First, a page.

Demand for office space in London’s Square Mile financial district is booming, according to the City of London Corporation.
The corporation is currently negotiating planning permissions for 500,000 square feet of office space, the equivalent of about 70 football pitches in size, with another 500,000 square feet already approved and under construction.
The demand is being driven by a 5 per cent rise in the number of city workers in the past two years to 617,000.
The corporation predicts a further 85,000 people will be working in London’s Square Mile by 2040.
This increase will require a further 1.2 million square metres of office space, according to a recent report by Arup and Knight Frank, which was commissioned by the City Corporation.
There has already been a 25 per cent increase in planning applications received and decided upon so far this year, with most of the proposed taller buildings centred in the “City Cluster” area in the Square Mile‘s eastern corner, already home to some of London’s most famous high-rises.
The corporation received 1,023 planning applications up to September this year, compared with 820 in the same period in 2022.
‘City Plan 2040’
It’s all part of the City of London Corporation’s “City Plan 2040″, which sets out the corporation’s vision, strategy and objectives for planning up to 2040, together with policies aimed at guiding decisions on planning applications.
The plan is not all about new high-rises – it also provides for retail and food outlets, as well as green spaces and areas of historic and cultural interest.
“Through our flagship ‘Destination City’ policy, we are creating a culturally vibrant, inclusive and welcoming city, enabled in part by these tall towers, which help accommodate the hospitality, leisure, social and cultural destinations that are flocking to the city,” said Shravan Joshi, the chairman of the planning and transport committee at the City of London Corporation.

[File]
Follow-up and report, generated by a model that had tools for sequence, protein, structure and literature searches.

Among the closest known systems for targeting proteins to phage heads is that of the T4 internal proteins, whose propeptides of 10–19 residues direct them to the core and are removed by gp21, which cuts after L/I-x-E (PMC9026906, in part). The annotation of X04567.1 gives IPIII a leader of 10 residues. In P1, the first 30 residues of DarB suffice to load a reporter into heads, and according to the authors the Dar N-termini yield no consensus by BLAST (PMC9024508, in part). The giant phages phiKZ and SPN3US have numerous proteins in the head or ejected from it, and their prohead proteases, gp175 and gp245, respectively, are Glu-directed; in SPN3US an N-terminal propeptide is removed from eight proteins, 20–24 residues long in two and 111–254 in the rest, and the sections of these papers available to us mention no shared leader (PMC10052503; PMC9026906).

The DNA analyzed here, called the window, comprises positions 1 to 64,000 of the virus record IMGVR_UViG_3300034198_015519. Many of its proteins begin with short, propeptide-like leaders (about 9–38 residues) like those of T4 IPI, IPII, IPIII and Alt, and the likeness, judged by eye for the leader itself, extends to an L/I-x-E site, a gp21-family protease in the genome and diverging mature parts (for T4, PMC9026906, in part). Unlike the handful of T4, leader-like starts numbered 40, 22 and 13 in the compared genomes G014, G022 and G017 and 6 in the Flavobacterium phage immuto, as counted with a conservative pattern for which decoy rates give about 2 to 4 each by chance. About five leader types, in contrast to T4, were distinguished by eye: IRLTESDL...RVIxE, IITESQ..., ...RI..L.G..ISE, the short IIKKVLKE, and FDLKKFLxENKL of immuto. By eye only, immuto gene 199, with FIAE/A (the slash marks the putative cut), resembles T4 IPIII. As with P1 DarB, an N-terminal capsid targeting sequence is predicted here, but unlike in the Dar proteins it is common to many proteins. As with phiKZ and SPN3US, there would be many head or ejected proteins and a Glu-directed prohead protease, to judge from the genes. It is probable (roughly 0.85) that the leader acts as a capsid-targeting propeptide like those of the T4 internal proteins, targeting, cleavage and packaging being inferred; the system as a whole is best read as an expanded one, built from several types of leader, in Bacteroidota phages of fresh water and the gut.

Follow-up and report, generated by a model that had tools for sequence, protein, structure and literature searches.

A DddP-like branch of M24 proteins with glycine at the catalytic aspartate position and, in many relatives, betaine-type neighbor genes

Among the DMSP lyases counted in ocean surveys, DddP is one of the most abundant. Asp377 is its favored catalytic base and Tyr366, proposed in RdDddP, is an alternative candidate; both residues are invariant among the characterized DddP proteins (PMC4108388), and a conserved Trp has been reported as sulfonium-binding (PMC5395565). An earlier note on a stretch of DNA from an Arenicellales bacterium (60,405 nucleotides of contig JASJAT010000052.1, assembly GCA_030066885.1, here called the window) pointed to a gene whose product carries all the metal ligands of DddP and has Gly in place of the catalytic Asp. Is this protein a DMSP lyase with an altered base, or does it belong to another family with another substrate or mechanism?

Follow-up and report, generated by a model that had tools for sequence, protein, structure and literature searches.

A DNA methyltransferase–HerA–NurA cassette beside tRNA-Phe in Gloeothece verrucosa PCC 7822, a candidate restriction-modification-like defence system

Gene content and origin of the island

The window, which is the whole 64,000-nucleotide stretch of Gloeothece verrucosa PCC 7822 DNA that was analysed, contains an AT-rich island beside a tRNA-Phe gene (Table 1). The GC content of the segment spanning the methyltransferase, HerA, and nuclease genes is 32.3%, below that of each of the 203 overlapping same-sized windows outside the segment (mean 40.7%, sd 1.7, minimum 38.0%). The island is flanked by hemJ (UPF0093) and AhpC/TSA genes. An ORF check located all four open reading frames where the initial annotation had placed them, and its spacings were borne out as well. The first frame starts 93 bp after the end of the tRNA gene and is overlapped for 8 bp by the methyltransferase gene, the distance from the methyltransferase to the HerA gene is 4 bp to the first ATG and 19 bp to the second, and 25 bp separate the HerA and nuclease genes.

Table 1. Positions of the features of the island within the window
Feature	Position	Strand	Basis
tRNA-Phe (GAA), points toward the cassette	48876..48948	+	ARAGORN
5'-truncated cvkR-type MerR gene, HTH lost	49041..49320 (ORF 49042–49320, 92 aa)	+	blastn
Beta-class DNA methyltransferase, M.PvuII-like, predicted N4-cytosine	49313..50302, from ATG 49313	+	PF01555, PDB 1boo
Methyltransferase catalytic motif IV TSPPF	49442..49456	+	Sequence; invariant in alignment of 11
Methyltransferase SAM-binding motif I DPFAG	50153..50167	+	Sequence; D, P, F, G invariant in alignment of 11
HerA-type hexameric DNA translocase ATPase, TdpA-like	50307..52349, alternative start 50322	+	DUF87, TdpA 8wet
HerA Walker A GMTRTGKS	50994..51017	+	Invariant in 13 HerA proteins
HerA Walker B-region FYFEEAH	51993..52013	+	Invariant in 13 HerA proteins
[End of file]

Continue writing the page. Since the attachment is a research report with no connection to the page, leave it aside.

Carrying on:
“The City Corporation’s strong performance this year is underpinned by the Built Environment team’s efforts to de-risk many of the variables associated with real estate investment.
“This includes providing clear policy directives, working closely with stakeholders and undertaking transparent consultation on schemes.”
Nonetheless, data from Rightmove and property analytics company EG earlier this year showed that the number of inquiries for new working space in London between January and April this year dropped by 11 per cent, compared with 2022. But the figure was only 1 per cent below that in the same period in 2019.
“Whilst London inquiries are down, it really is only by a small amount considering the change in office occupancy levels,” said Anna Reed, data director at EG.
“What has changed, however, is the type of space occupiers want – high spec, sustainable with flexible terms and shorter leases, as well as shifting to smaller floor plates.”
Earlier this year, HSBC became the most high-profile tenant of Canary Wharf to announce that it was quitting the Docklands area of London to return to the City, albeit on a smaller scale.
The move was seen as a reaction to the increase in post-coronavirus hybrid working patterns, where employees spend some time working from home.
At the time, HSBC cited one reason for the move was that the City was “a more convenient location for employees”, despite the fact that Canary Wharf is connected to the new Elizabeth train line.
The current London skyline and how it will look by 2030
Updated: November 02, 2023, 9:54 AM